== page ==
The BIS Charging Letter discussed Ms. Wilkins’ false or misleading statement to the BIS. During the course of a BIS investigation, she allegedly told a BIS Special Agent that all product classifications were confirmed by an outside consultant to be EAR99 (no export license required). Apparently the consultant disagreed, and even kept the documentation in which the consultant had specifically advised Carol that the items were not EAR99.  Carol might not have realized how resourceful the BIS Agents could be as she may not have realized that BIS Agents would confirm her statements to them by doublechecking with the consultant. Even I was always taught “trust but verify”.  BIS is no different in this case.

Whenever you are going to be interviewed by a Special Agent of BIS or any other Federal law enforcement agency, always remember two things: (1) tell the truth, and (2) seek the advice of […]

A Victory for All Customs Brokers

The U.S. Court of Appeals for the Federal Circuit just issued an important decision that will help all customs brokers who are facing a broker penalty action pursuant to 19 U.S.C. 1641 and 19 CFR Part 111.  The Court held that U.S. Customs and Border Protection (CBP) must consider all ten factors specifically identified at 19 CFR 111.1 when determining whether or not to mitigate a penalty issued by CBP against a customs broker for failing to excercise “responsible supervision and control.”  CBP had argued to the Court that it only needed to consider those factors it thought were relevant.  The Court disagreed with CBP, and reversed the decision of the U.S. Court of International Trade. The Court stated:

“Because Customs did not consider all ten factors listed in 19 CFR 111.1, its determination that UPS violated 19 U.S.C. 1641 was improper. Accordingly, we vacate that portion of he Court of International Trade’s judgment and remand for further proceedings.”

So, even though the Court determined that UPS was wrong in its tariff classification of imported merchandise, and even though UPS paid CBP $15,000 in penalties for failing to exercise responsible supervision and control, it remains to be seen whether CBP will assess another $75,000 in penalties against UPS.   My guess is that CBP will pursue the remaining penalties against UPS which were also for alleged misclassification of the same merchandise on different entries.  The Court required CBP to at least consider all ten factors, but also explicitly stated that CBP has the discretion to weigh each of […]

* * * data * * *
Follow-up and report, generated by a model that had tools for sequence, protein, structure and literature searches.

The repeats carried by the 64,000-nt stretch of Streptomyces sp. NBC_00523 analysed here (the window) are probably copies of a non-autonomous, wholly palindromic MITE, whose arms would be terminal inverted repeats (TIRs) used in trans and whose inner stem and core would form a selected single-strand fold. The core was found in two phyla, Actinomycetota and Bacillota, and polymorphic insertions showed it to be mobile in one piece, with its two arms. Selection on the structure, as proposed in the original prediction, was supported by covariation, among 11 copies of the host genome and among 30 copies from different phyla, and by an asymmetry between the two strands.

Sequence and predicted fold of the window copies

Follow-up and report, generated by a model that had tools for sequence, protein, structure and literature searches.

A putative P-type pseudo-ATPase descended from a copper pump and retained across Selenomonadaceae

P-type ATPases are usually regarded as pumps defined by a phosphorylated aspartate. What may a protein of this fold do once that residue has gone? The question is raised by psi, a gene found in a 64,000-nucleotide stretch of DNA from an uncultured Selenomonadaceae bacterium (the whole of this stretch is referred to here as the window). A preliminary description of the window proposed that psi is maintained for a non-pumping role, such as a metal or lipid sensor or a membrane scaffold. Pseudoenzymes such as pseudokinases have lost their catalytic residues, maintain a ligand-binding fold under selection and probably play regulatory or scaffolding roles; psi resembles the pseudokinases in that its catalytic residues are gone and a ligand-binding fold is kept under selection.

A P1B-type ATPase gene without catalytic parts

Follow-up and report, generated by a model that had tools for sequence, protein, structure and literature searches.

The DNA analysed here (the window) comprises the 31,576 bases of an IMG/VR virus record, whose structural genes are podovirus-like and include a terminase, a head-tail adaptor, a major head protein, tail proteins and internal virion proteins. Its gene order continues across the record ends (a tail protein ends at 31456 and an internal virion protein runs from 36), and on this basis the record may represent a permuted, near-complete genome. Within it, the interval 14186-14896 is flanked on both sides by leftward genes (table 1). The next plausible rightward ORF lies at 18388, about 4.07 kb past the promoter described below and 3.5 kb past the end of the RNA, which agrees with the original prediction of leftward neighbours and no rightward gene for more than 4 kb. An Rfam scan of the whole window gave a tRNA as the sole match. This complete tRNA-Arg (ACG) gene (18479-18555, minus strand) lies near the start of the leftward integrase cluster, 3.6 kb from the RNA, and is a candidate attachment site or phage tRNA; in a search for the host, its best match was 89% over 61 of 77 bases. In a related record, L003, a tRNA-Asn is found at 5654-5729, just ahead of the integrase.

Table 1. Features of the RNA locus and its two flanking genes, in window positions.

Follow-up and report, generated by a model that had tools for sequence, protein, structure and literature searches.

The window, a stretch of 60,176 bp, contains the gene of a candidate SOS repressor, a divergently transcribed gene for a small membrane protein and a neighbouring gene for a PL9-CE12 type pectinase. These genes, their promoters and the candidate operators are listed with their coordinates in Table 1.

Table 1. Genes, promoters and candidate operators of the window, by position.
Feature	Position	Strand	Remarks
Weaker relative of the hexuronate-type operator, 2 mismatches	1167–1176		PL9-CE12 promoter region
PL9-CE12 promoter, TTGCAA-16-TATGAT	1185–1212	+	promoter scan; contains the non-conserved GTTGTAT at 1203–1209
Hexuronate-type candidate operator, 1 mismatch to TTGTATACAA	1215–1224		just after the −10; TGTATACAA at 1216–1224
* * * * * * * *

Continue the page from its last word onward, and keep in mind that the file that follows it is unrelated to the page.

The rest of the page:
By |2015-11-30T19:30:43-05:00August 18, 2009|Customs Broker|0 Comments

Knowing The Rules Of The Road: Exporting Cars From The U.S.

Exporting motor vehicles from the United States to foreign destinations is a common occurrence at many ports around the country, including South Florida’s ports. Whether exporting vehicles for business or personal use, it is important to know the procedures that U.S. Customs (“CBP”) expects you to follow. Not paying attention to the “rules of the road” can result in the seizure of your vehicle(s), and the imposition of hefty penalties.

If you are in the business of exporting cars, or plan to export a car to a foreign country for personal use, it is important to know two different sets of rules. Part 192 of Title 19 of the Code of Federal Regulations (“CFR”) contains the rules for exporting used vehicles. Used vehicles include any vehicle where legal title has been transferred by a manufacturer, distributor, or dealer to the person buying the car. These regulations explain the basic requirements for how to export cars, including the documentation that must be presented to CBP, such as a Power of Attorney, where a company or individual is shipping a motor vehicle on behalf of someone else. The regulations also describe how much it will cost in penalties if a person fails to submit the right documentation, or no documentation at all. The penalties can be severe – up to $10,000 where CBP determines the car was stolen, or the vehicle identification number (“VIN”) has been tampered with.

The second set of rules that you need to know are the port-specific requirements imposed by […]